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This was a magnificent creature, and absolutely massive.
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Nirmala, mother of Leela and Jyoti.
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We didn't walk through too many villages, but a few.
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I love the colors and contrasts of this photo.
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This is Bugarach mountain, considered a sacred site by some, and the final point of our walk.
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I love this pic - it was really lucky for the preying mantis to be so sharp.
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The dining room.. 
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Julian was the oldest walker on the yatra, at 70 or so years old. Here he's milking his old age for some massage action. I can't wait until I'm that old.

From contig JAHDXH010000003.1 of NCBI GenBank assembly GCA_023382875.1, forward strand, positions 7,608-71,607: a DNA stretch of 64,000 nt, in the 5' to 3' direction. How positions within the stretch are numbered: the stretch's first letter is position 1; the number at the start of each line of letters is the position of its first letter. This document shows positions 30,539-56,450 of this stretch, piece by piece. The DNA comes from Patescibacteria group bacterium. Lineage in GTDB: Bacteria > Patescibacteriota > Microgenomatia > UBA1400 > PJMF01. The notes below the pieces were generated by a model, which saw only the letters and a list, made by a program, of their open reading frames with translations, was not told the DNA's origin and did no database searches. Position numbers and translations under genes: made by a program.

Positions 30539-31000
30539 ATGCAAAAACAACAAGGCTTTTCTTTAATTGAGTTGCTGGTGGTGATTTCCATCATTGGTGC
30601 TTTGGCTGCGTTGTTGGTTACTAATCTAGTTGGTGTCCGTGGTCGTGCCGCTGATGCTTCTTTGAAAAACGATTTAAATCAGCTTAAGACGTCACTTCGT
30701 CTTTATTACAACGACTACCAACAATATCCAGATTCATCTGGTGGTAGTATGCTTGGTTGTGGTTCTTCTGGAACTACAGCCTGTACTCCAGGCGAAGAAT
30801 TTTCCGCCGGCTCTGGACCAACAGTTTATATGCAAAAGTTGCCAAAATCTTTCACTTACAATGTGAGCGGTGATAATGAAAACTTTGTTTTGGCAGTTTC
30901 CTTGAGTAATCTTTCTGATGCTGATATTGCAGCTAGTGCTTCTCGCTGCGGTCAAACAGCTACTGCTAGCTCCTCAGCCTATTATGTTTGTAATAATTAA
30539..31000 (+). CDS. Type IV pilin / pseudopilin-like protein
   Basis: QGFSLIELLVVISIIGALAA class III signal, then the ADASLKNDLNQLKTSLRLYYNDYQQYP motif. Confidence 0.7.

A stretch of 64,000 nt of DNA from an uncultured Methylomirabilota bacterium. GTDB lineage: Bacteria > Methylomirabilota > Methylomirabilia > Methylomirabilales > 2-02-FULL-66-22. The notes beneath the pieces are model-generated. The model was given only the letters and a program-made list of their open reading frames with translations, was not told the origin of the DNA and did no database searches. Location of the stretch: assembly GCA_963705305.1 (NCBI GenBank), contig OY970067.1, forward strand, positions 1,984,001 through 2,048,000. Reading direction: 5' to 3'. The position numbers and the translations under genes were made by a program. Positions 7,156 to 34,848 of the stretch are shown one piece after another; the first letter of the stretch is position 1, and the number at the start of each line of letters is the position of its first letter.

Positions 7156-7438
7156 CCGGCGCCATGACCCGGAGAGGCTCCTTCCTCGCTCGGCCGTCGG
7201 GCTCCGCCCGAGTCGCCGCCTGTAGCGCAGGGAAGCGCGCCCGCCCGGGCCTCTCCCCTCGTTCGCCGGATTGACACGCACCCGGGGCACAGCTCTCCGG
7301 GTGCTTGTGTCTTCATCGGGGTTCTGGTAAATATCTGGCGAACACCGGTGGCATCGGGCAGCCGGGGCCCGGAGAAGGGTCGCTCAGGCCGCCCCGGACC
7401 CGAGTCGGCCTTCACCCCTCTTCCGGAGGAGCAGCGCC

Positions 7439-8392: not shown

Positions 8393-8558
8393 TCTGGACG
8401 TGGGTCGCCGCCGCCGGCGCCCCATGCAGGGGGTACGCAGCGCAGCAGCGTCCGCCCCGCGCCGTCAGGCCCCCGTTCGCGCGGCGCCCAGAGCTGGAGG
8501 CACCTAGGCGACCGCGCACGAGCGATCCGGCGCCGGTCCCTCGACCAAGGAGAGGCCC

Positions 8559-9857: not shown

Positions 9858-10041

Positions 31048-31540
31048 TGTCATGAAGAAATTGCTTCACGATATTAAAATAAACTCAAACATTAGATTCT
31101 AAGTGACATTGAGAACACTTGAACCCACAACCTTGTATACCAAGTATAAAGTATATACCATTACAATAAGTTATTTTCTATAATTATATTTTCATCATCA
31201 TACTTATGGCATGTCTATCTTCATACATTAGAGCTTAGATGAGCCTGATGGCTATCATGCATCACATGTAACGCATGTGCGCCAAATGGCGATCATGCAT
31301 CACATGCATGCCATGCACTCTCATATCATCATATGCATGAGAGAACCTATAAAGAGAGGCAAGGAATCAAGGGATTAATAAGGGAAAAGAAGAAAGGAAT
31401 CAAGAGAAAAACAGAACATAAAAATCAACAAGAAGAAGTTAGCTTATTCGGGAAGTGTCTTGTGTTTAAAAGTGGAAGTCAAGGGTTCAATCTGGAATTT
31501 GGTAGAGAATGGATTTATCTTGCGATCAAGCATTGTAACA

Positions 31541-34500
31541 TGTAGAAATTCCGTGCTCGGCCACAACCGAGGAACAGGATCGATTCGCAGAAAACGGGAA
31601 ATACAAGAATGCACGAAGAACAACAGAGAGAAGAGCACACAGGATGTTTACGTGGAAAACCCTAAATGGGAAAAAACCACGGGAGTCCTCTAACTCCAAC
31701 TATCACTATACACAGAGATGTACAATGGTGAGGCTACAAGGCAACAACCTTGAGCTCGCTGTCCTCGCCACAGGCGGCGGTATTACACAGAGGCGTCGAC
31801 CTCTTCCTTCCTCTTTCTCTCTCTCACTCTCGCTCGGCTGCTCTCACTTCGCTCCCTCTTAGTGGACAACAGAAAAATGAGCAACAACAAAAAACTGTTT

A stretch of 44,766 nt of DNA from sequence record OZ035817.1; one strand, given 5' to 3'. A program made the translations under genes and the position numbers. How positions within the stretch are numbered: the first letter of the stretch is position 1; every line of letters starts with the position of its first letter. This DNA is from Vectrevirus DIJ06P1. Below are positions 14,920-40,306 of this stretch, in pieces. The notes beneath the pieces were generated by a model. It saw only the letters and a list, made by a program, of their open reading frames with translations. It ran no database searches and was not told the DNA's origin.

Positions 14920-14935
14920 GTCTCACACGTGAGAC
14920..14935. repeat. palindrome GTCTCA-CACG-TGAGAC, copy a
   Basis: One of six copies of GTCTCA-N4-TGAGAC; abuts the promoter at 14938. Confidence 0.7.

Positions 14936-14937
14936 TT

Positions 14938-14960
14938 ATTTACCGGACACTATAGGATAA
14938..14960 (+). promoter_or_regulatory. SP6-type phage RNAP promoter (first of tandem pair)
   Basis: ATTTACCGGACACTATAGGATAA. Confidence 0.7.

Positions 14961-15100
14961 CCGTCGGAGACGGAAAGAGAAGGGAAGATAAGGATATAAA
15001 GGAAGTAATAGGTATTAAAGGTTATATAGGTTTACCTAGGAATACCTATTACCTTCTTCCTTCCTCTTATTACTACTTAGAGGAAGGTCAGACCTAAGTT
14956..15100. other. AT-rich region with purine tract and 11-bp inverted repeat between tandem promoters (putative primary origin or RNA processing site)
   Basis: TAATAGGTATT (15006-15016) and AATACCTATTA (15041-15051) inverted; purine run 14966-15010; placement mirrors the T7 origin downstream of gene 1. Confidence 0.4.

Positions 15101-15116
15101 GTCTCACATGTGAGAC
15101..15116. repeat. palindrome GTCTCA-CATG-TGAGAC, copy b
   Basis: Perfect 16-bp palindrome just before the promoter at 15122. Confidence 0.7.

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This is a reconstruction of a Roman bridge that had stood here for almost 2,000 years, and was washed away in floods in 1994. Other than the hole in the ozone, what are we creating that will last for 2,000 years?
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Just next to the Roman bridge, this guy sprained his ankle. A bunch of kind-hearted souls leapt into action, and the next thing you know they're massaging his shoulders and giving him breathing exercises and holding their hands on his head while someone packed his ankle in wet clay. I couldn't tell if he was getting medical care or a spa treatment. I said, "Hey - if anyone has a nail file, I could give him a quick manicure/pedicure!" I almost blew milk out my nose I thought it was so funny. No one else laughed, cuz I didn't say it out loud. This is him being carried out of the valley and up to the road.
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An evening talk towards the last day.
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The yatra is over. The bus taking some of the walkers back to the train station. Smiling faces!
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Many more photos are here:

Much love,